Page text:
« Journey to the neural centers of my CD collection | Main | Comrades, let us seize the time »

November 01, 2009


Feed You can follow this conversation by subscribing to the comment feed for this post.

Peter Nellhaus

Has there been any definite assessment on how much of the final film is Farrow's and how much is Fleischer's? In Fleischer's autobiography he makes it seem like he re-shot the entire movie. The flippant tone of the characters reminds me more of Farrow's "Plunder of the Sun".

Glenn Kenny

That's an interesting question, and had I had more time to put this piece together I'd have consulted the audio commentary on the okay-looking Warner DVD, which snippets I listened to sounded fairly informative. I might revisit it soon in any case...


It's really a peerless turn by Vincent Price, isn't it?

The Siren

Price's finest hour. He steals everything but the wallpaper.

This is a wonderful movie, and I wouldn't call it nonsense at all--except for Howard Hughes and his puerile breast obsession. The way Jane Russell's breakfront is always, but always in frame, in this and every other movie she made that he got his mitts on...gets tiresome, not to mention vulgar. Perhaps, however, this doesn't annoy Glenn or some of his readers as much as me.

Glenn Kenny

Siren, you are superbly amusing. Given my "homina homina homina" reaction to certain of Ms. Russell's ensembles, you still give me the slight benefit of the doubt concerning my perspective on the "breakfront." You know my shame, and you forgive it, implicitly, at least.

Any of you kids out there old enough to remember Russel when she was a bra pitchwoman, talking about the needs of "we full-figured gals?" Wait, don't answer that question...

Also: Yes, this is likely VP's finest hour, a meta-moment he would reprise more ghoulishly in "Theater of Blood." Although I differ with MF; I don't think it's the actor's "only right role." I rather love him in everything I see him in...

Peter Nellhaus

I guess I'll have to squeeze the DVD of HKOW on my Netflix queue. However Hughes chose to feature Russell, it's not quite like "Jet Pilot" where we hear the roar of jets when Janet Leigh takes a big breath.


I haven't seen this yet, though I own the Warners disc, which theoretically should make correcting this mistake pretty easy. Maybe this weekend...?

But really, Price's finest hour? According to at least three people? Two of whom are Glenn and the Siren? If I wasn't already sold on Mitchum and Gardner's boobs, not to mention Price just being in it at all, well, I'm sold now.

Also, Glenn, does Joseph Failla have a blog, or write professionally somewhere, or is he part of some weird pseudonymous game you're playing? I ask only because he always says really interesting things, and I'm curious.


I don't know why I said "Gardner" instead of "Russell".

Glenn Kenny

@ Bill: Joseph Failla absolutely exists, and I've been encouraging him to start his own blog for years. I've known JF since the third grade (back in I'm not even gonna say when) and I had him doing DVD reviews for Premiere while that magazine was still a going concern. His reasons for communicating with this blog as he does are his own, and I do not question them!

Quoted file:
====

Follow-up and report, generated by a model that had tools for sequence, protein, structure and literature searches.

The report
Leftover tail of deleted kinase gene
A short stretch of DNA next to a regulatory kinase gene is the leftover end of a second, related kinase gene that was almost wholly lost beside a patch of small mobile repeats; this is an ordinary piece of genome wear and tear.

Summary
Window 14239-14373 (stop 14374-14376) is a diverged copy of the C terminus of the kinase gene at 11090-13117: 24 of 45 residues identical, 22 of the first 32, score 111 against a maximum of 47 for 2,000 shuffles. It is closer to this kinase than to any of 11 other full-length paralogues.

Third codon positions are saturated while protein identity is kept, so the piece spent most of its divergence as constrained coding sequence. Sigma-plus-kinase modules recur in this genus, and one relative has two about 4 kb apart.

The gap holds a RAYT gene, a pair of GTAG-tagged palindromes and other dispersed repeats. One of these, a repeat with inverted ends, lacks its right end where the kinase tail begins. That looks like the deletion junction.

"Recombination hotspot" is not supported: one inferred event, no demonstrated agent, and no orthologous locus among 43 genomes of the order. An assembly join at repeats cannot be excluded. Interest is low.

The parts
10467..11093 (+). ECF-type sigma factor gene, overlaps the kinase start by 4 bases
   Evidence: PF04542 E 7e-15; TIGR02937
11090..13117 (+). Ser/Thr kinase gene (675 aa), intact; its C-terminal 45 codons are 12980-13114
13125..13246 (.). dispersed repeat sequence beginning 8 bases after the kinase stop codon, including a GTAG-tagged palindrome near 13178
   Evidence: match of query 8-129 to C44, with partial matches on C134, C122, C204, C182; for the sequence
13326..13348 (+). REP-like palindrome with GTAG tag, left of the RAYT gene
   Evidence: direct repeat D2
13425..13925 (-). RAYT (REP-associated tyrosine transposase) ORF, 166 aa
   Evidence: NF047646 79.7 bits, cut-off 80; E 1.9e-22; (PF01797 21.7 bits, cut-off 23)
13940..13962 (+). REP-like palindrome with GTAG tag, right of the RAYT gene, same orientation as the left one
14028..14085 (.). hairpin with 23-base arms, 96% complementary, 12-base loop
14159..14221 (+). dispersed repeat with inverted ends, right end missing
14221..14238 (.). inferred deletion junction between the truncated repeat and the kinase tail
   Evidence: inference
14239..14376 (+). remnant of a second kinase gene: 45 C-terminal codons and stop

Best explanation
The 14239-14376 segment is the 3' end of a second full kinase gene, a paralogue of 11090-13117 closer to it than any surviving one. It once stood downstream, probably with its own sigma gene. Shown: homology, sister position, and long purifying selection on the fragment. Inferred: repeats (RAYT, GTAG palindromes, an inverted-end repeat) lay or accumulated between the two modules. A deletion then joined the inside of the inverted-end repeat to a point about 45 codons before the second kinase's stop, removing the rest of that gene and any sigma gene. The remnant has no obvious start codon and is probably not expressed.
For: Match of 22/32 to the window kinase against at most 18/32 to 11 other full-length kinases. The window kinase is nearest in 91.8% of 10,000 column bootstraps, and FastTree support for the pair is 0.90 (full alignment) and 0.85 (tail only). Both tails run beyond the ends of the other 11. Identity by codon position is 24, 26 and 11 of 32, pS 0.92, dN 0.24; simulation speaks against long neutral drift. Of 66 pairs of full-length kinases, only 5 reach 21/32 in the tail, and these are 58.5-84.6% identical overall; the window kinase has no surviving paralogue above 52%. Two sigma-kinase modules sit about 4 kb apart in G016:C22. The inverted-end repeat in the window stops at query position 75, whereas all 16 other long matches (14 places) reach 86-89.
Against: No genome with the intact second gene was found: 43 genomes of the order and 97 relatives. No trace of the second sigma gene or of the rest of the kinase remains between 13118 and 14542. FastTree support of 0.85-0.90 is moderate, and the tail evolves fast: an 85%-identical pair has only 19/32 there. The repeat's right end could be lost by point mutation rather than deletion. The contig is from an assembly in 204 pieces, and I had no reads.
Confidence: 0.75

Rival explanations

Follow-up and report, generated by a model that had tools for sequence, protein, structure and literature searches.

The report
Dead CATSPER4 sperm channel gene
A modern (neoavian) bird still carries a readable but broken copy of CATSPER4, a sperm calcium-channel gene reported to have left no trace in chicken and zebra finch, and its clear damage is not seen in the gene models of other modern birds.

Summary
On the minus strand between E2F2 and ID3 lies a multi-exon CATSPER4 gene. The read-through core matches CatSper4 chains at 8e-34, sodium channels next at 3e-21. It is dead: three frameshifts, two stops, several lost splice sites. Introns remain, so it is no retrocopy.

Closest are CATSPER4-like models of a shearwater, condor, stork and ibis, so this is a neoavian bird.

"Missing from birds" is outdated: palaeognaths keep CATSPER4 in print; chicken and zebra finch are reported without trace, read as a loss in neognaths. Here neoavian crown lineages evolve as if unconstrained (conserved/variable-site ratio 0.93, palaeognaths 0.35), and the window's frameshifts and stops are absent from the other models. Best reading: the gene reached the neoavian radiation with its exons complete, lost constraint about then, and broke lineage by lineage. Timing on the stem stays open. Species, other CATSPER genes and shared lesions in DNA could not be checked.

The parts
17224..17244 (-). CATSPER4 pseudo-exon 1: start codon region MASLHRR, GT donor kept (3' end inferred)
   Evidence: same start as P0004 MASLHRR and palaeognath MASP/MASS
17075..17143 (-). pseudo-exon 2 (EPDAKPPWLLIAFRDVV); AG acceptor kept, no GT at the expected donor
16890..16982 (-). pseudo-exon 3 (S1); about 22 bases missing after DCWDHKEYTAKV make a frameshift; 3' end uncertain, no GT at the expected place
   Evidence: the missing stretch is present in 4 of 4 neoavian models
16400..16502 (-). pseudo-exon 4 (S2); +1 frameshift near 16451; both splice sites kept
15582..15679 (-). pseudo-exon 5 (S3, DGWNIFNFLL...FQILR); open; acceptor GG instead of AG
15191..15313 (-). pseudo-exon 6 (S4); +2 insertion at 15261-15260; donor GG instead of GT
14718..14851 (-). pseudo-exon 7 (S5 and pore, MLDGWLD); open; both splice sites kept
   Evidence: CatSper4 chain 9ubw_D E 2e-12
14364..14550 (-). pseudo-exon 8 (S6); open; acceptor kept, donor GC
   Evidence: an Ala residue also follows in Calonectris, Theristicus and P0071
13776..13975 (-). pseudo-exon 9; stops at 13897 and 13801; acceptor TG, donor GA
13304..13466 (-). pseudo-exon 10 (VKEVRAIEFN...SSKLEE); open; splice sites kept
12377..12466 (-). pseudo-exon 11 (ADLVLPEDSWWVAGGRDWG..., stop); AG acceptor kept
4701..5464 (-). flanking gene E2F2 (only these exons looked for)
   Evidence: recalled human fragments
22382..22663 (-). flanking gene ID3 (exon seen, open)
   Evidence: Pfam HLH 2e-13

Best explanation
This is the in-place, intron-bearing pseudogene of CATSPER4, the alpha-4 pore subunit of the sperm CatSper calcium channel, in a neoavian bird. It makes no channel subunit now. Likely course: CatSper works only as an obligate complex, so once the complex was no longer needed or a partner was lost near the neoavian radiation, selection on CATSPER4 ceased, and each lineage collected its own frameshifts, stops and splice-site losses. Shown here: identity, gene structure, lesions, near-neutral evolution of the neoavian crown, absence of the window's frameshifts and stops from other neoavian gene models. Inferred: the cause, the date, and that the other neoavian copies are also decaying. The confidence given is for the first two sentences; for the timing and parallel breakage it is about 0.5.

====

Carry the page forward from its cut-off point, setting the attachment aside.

When you wrote "I don't know why I said 'Gardner' instead of 'Russell'" I was tempted to respond, "I know why, Daddy, I know why," like that duck in the Looney Tunes cartoon with the "To Have And Have Not" sendup in it...

Michael Adams

Farrow's mean streak and Fleischer's contribution to the wonderful His Kind of Woman are discussed on pp. 208-216 of Lee Server's Mitchum bio. Go to http://books.google.com/books and search for Lee Server to see for free.


Both "His Kind of Woman" and "Macao" are enormous fun in no small part because with their hooded eyes, sleepy voices, inverted-pyramid bodies and oppositional attitudes Mitchum and Russell are male and female incarnations of the archtypal wisenheimer. They're so ridiculously entertaining that who can even look at Vincent Price in "HKOW" or Gloria Grahame in "Macao," even though the supporting players are given all the good lines? Thanks, Glenn. If memory serves, it's "25 Miles to San Berdoo."

Tony Dayoub

Here's a tip: Tomorrow, 11/3 at 6:45pm EST, TCM is rerunning the PRIVATE SCREENINGS episode where Robert Osborne interviews Mitchum and Russell together back in 1996.

If memory serves, I believe they speak about both HKOW and MACAO in that one.

MACAO airs on 11/25 at 10pm EST on TCM.

The Siren

@Glenn: "I rather love him in everything I see him in..."

I couldn't agree more. If Price is always pure ham, pass the bread and mayo.


@The Siren - If you love Price so much, which you are absolutely correct to do, how can you say you don't like horror? Or is it just current horror? In which case, well, I can't entirely blame you.

The Siren

@Bill, I have recently realized it is indeed current horror, bearing in mind of course that for me current = much past 1980. You were wise to counsel me to stick with pre-1960. Years ago I spent many nights watching old Hammer pictures and old Price vehicles on AMC and can't deny the pleasure they gave me.


I have trouble believing that Fleischer reshot most of this film. The scenario is very similar to that of PLUNDER IN THE SUN (as Peter Nellhaus points out), and, more importantly, the style up until the ridiculous drawn-out ending, is pure Farrow--long, long takes with wide two-shots and group shots for dialogue scenes. Compare it to CALIFORNIA, THE BIG CLOCK, or PLUNDER.

The comments to this entry are closed.

Tip Jar

Tip Jar
Blog powered by Typepad